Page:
• avatar Lila says:

        The point in her letter was that her friends thought nothing of praying for HER, but thought she had “gone off the deep end” asking for prayers for the pets. I think that anyone who sincerely believes in prayer should also have the compassion to pray for their FRIEND when she is suffering out of worry for her pets, and not mock her in her moment of distress.

  10. avatar Cindy Marek says:

    L #1: Look her square in the eye and in your best deadpan voice ask, “This is the umpteenth time you’ve mentioned it; and your point IS?”

    L #2: It’s your heart and your money. No one’s business (you’re making it their business?). I love pets, but wouldn’t spend thousands of $$ on them; however, that’s your prerogative. I also don’t have a problem with praying for pets who are ill.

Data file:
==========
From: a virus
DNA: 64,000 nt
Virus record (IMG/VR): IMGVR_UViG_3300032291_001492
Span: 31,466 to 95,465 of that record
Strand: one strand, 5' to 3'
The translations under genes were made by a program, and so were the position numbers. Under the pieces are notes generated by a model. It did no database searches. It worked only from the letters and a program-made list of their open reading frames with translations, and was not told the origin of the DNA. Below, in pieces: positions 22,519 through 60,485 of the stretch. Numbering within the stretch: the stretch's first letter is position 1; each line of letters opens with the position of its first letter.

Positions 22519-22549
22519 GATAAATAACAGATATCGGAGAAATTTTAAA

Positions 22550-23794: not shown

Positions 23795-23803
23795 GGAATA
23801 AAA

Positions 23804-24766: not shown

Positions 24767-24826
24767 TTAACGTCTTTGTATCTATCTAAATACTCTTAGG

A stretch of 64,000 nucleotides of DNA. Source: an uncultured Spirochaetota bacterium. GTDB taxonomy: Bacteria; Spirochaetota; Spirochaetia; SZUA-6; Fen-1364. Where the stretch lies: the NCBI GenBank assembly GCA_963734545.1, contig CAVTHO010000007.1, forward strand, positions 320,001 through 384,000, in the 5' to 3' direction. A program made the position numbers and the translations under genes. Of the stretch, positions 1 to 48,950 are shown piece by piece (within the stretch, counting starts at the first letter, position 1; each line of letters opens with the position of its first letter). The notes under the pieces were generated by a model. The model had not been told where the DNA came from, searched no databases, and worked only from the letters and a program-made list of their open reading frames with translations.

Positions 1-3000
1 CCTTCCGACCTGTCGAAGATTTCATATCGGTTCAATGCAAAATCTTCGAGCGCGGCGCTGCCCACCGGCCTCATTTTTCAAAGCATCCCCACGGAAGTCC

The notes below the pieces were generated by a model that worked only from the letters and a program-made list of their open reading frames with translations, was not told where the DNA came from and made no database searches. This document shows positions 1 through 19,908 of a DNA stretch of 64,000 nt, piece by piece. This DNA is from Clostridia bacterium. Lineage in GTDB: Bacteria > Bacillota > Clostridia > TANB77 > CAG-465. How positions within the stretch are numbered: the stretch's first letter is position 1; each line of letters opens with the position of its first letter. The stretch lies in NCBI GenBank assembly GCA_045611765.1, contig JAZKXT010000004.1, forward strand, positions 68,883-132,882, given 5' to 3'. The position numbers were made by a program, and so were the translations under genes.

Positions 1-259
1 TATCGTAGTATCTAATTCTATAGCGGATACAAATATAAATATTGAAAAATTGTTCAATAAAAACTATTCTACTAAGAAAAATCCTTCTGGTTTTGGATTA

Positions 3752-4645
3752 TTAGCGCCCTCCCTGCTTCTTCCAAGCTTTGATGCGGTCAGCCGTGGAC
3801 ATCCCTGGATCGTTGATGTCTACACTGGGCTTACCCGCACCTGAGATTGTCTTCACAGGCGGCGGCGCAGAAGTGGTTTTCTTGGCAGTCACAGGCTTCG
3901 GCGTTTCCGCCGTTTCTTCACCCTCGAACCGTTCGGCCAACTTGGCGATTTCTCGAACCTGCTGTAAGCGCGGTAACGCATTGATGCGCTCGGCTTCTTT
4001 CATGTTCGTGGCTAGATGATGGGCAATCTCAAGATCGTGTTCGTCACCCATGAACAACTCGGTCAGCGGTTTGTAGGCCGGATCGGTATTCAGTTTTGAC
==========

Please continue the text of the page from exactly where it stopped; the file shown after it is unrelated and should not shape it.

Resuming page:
11. avatar D C says:

    LW#1 – Margo, I absolutely LOVE your advice on this one — “seems like you don’t want us to be friends.”  Gets right to the point — not passive aggressive.  Reminds me of my MIL years ago — my SIL would, at every family gathering (most are teachers), get wound up and start griping about how “coaches get everything they want and we get nothing” on and on and on… and finally, one Thanksgiving, my MIL very sweetly said, “Honey, two of my sons are coaches.”  She finally shut up.  I think when people are needling you and everything is said in such a way that if you take offense you look like the touchy one, you have to call them on it, but do so nicely (with ice in your veins but not on your face) and it usually helps unless the needler is a moron. 

  12. avatar D C says: